PESHAWAR, Pakistan - Pakistani tribesmen, above, marched Saturday near Damadola to protest the airstrike. Local officials in the region, the Bajaur district, said the attack destroyed three houses in the village and killed at least 18 civilians. [This story was reported here in DemLog last night, 7 hours ago.]
American and Pakistani officials have said the American airstrike, on the village of Damadola, was believed to have been carried out in the early morning hours on Friday by a remotely piloted Predator aircraft armed with missiles.
On Saturday, a Central Intelligence Agency spokesman declined to comment on any raid that might have taken place. The agency is known to operate armed Predator aircraft, but the missions remain classified and are not generally acknowledged by the C.I.A.
The White House had no immediate comment, said a spokesman, Blair Jones.
President Pervez Musharraf of Pakistan mentioned the attacks during a meeting on Saturday with officials from the town of Sawabi, according to a local reporter. He was quoted as saying: "We are looking into it, as to who has done it. We are looking into it, that there were people who came from outside."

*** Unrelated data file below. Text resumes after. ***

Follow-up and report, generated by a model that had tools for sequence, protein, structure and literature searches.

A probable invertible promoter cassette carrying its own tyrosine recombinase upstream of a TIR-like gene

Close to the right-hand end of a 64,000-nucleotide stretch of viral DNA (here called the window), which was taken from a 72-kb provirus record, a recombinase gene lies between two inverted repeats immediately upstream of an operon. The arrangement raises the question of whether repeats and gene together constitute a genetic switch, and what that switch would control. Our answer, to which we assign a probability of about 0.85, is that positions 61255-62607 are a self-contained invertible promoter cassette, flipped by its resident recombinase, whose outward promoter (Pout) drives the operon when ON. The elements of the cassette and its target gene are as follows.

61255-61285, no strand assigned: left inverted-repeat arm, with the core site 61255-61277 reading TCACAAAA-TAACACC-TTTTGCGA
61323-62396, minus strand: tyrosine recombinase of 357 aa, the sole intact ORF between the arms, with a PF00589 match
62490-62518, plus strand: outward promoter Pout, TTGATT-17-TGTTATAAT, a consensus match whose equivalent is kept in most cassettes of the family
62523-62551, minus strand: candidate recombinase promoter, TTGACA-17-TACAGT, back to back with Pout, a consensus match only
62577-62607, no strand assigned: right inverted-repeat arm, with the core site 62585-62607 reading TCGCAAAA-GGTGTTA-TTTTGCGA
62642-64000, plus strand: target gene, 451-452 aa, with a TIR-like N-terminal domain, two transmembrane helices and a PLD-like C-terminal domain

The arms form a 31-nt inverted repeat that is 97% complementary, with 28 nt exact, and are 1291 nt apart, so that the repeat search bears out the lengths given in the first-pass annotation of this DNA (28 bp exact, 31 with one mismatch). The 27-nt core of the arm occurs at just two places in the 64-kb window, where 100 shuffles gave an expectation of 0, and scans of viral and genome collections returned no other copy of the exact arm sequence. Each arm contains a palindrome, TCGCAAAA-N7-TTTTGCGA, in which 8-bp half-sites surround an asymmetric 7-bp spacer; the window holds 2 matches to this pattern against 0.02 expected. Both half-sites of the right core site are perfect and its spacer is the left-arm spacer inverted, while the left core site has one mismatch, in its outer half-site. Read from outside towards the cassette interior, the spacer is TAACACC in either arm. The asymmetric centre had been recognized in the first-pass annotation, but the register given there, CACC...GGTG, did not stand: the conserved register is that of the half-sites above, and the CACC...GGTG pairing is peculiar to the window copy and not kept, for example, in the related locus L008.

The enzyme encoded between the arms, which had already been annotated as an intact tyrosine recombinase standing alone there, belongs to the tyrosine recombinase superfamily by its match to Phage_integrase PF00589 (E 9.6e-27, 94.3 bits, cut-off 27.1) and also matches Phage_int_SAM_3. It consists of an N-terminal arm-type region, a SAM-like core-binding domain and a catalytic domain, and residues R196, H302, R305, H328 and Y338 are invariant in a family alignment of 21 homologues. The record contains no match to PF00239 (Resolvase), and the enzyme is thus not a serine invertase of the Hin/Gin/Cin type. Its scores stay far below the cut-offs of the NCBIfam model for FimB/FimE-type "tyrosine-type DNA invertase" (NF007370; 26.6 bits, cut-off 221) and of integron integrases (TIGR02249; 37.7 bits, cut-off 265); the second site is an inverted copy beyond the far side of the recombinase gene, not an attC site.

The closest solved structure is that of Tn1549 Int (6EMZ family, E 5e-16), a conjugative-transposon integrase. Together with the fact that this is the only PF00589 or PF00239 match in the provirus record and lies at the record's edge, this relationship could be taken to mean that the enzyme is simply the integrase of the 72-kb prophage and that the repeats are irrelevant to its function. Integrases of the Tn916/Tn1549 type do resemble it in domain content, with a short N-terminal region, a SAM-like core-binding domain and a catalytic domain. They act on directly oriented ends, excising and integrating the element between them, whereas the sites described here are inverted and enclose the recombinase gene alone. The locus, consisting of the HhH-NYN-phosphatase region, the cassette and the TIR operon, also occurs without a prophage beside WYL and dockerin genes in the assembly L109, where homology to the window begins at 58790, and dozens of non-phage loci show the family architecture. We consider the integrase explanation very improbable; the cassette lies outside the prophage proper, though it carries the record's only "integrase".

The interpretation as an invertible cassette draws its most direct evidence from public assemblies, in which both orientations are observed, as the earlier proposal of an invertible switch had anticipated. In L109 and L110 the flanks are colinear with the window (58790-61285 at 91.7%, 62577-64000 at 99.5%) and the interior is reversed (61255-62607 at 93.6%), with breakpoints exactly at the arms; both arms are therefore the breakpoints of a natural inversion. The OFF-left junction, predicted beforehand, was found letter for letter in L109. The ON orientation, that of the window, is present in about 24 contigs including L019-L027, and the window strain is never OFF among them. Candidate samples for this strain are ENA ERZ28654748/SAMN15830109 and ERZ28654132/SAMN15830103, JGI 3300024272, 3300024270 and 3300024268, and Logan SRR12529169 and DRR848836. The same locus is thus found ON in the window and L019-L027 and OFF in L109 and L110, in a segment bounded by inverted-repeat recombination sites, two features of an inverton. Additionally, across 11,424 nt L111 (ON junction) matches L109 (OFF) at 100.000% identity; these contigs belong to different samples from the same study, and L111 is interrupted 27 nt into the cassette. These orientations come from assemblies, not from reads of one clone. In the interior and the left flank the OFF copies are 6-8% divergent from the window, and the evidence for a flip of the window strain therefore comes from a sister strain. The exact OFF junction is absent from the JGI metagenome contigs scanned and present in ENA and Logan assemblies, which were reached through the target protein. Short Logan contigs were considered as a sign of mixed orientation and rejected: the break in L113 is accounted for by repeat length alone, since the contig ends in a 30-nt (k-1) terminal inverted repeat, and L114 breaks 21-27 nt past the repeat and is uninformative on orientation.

Thousands of tribesmen, led by a local parliamentarian, protested the killings on Saturday, chanting anti-American and anti-government slogans in the town of Khaar, the central administrative center of Bajaur.
After the rally dispersed, 800 to 900 men went on a rampage and attacked the offices of two nongovernmental organizations in the town, according to the local Pakistani reporter. People in the crowd looted computers from an American-financed aid organization called BEST and then torched the compound. The office of an Italian aid group, Intersos, was smashed and looted before the authorities intervened.
Pakistan has not granted American forces in Afghanistan the right to cross the border, even in pursuit of militants. President Musharraf has made a point of highlighting Pakistani security efforts to hunt down militant figures taking shelter in the lawless northwestern tribal region, but American officials have expressed frustration with a lack of progress.
D.H.: This appears to be more evidence of the success of the Bush Administration in winning the hearts and minds of the locals to support America's export of democracy and Christianity to the middle east. Western culture, enforced by the missiles of unmanned Predator aircraft.